How Botox for Sweating Can Eliminate the Problem
When you talk about cosmetic treatments, there’s a good chance that Botox will come up in the conversation. After all, Botox is one of the most popular cosmetic procedures in the United States. But did you know that Botox can also be used for excessive sweating treatment? That’s right, Botox offers more than just reducing the appearance of aging signs such as wrinkles, fine lines, and more. The drug also offers other non-cosmetic benefits and one of the most notable ones is treating excessive sweating. Today, you’ll learn about the condition called Hyperhidrosis and how Botox for sweating can help.
What is Hyperhidrosis?
Hyperhidrosis (hi-pur-hi-DROE-sis) is a skin condition affecting about 4.8% of the U.S. population, which is about 15.3 million people. It’s a medical condition that’s characterized by abnormally excessive sweating that happens even outside of high temperature or exercise.
As you can imagine, excessive sweating can disrupt your normal daily activities and cause social anxiety and embarrassment. While sweating is a natural thermoregulating body response (when it’s hot, when exercising, etc.), hyperhidrosis dramatically affects people’s lives. This includes their professional and personal relationships, their ability to perform physical activities, and creating potentially severe emotional and mental health problems. There are numerous ways to treat heavy sweating which we outlined below.
General Hyperhidrosis Treatment
Primary hyperhidrosis results from overly active sweat glands – the sympathetic system. It is limited to specific body areas such as underarms, palms, soles, face, or cranium. Secondary hyperhidrosis affects the whole body and is the consequence of an illness or the direct effect of some prescription medications. Both are treated differently; our article focuses on primary hyperhidrosis.
Here are some of the most common ways to treat hyperhidrosis:
- Antiperspirants – The simplest way to tackle excessive sweating is by using an antiperspirant. Just to be clear, deodorants are different from an antiperspirant cream or spray. You can use most over-the-counter antiperspirants that contain aluminum chloride that plugs the sweat glands. Your doctor may also prescribe an antiperspirant and it’s usually applied before going to bed.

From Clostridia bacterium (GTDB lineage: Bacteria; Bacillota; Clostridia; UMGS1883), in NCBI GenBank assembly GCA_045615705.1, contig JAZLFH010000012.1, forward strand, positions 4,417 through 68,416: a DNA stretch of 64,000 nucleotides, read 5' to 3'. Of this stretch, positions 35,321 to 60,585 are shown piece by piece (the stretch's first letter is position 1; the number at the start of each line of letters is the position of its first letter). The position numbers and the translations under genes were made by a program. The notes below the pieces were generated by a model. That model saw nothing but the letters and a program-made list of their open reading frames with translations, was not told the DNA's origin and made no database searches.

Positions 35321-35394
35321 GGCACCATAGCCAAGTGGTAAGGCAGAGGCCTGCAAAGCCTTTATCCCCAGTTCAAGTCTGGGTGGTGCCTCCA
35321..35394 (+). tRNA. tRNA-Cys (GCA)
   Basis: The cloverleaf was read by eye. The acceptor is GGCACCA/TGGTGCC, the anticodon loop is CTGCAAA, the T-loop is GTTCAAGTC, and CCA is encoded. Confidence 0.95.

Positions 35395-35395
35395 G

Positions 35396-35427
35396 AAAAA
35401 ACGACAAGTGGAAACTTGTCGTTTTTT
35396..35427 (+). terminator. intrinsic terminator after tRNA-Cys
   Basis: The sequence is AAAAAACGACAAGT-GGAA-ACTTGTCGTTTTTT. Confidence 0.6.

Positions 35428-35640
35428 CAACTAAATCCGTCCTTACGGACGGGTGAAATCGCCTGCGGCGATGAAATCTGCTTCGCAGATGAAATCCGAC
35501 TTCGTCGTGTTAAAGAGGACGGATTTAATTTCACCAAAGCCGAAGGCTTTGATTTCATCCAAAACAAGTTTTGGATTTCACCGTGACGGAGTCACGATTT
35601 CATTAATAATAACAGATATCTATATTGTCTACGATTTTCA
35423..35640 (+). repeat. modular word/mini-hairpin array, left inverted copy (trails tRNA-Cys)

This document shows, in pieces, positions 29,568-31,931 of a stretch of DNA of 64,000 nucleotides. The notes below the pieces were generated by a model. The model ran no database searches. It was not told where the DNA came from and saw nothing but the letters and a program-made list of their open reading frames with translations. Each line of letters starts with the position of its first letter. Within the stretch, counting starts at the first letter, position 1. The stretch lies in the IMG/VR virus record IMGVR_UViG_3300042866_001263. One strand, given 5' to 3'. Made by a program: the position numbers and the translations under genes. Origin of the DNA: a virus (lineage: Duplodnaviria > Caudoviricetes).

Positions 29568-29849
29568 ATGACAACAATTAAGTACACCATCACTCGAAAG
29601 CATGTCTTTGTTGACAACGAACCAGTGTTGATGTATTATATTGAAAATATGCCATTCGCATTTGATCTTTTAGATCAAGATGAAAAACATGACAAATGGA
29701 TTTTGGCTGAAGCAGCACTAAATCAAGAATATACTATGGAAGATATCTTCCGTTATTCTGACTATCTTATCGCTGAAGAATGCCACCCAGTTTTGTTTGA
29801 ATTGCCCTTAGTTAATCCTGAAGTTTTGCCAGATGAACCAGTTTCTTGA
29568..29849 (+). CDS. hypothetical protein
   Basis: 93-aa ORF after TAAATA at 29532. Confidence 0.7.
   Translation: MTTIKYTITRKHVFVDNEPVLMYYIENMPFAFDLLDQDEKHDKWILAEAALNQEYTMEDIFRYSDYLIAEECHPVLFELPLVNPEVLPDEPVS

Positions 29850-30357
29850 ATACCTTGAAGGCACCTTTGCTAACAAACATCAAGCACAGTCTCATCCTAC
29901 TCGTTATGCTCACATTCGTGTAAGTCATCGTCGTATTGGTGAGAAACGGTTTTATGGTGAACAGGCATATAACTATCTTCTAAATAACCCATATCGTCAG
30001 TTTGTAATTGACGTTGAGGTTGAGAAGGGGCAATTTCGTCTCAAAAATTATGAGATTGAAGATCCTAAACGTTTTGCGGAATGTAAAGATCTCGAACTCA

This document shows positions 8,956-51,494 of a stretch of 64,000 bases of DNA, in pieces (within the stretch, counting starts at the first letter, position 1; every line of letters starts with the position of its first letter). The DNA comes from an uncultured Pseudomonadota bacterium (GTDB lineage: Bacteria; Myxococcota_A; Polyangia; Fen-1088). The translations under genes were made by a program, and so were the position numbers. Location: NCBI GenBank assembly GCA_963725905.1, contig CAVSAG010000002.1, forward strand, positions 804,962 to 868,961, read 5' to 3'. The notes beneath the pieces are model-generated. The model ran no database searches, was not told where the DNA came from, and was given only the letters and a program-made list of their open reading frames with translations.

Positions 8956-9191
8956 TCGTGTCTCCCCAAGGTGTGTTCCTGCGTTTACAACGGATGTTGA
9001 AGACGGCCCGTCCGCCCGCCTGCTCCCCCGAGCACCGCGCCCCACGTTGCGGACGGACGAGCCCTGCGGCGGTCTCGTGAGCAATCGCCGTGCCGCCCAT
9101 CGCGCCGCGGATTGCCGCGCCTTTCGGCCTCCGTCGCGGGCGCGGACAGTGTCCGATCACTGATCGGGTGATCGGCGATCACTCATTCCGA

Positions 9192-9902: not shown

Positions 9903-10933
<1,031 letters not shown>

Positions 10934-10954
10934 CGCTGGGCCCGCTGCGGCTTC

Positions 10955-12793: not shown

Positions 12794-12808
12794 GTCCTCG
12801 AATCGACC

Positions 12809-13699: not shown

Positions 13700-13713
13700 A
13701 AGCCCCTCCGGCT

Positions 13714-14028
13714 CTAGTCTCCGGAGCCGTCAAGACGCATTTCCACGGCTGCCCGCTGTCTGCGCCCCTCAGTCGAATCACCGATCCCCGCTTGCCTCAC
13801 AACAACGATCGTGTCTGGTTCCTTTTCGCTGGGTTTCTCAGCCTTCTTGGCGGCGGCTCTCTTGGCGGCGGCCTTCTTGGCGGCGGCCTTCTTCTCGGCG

- Prescription Creams – A prescription cream may also be used because it contains glycopyrrolate – this is usually used for hyperhidrosis that affects the head and face.
- Nerve-Blocking Medications – You can find oral medications that block the chemicals that enable certain nerves to send signals with each other. This can help reduce sweating for some people. However, some side effects include blurred vision, dry mouth, and bladder issues.
- Antidepressants – some antidepressants are known for their ability for excessive sweating treatment. Of course, we’re not saying that you should take antidepressants to treat hyperhidrosis but if you’re already taking it, know that it can reduce the symptoms. Just a fair warning though, some antidepressants have side effects that increase the risk of hyperhidrosis.
Botox For Sweating: A Hyperhidrosis Treatment
Injections of Botox for sweating may sound like it doesn’t make sense at first but it’s a perfectly viable treatment option. Just ask Chrissy Teigen.
OnabotulinumtoxinA or Botox is best known as a cosmetic procedure to eliminate wrinkles on the forehead by paralyzing the muscles. The same principle applies to treat excessive sweating. Botox for sweating works by blocking the nerves that control the sweat glands. Normally, your sweat glands are activated once the body temperature rises. For people with hyperhidrosis, the nerves that control the sweat glands are overactive.
You’ll be glad to know that In 2004, the FDA approved Botox to treat severe hyperhidrosis. Botox is injected into the skin on the area of concern, blocking the secretion of the chemical responsible for sweat production. Essentially, the overactive nerves are paralyzed. However, it’s worth noting that Botox only prevents sweating in the specific injected area.
Results for Botox treatment are noticeable within a few days of the procedure, increasing efficiency over a couple of weeks. Results vary for other body areas.
Is Botox for Sweating Safe?
Certainly, Botox for hyperhidrosis treatment is a safe alternative to prescription medication or other more invasive procedures. The injections are shallow enough that no long-term alteration of body function occurs. After injections, the doctor may give you something for the pain like a numbing agent. Despite the general safety of using Botox for sweating, there are some side effects including:
- Pain or bruising in the injection area
- Flu-like symptoms
- Dryness of the eyes
- Droopy eyelids (when doing facial injections)
Ultimately, Botox for excessive sweating treatment is a safe procedure and can improve your life and relationships. However, please note that only skilled practitioners should administer Botox treatments.
If you’re in search of Botox injections in San Diego, SD Botox is the premier Botox facility and is run by medical doctors, registered nurses, and highly trained medical aesthetic providers. Comfort should not come at the price of safety or health.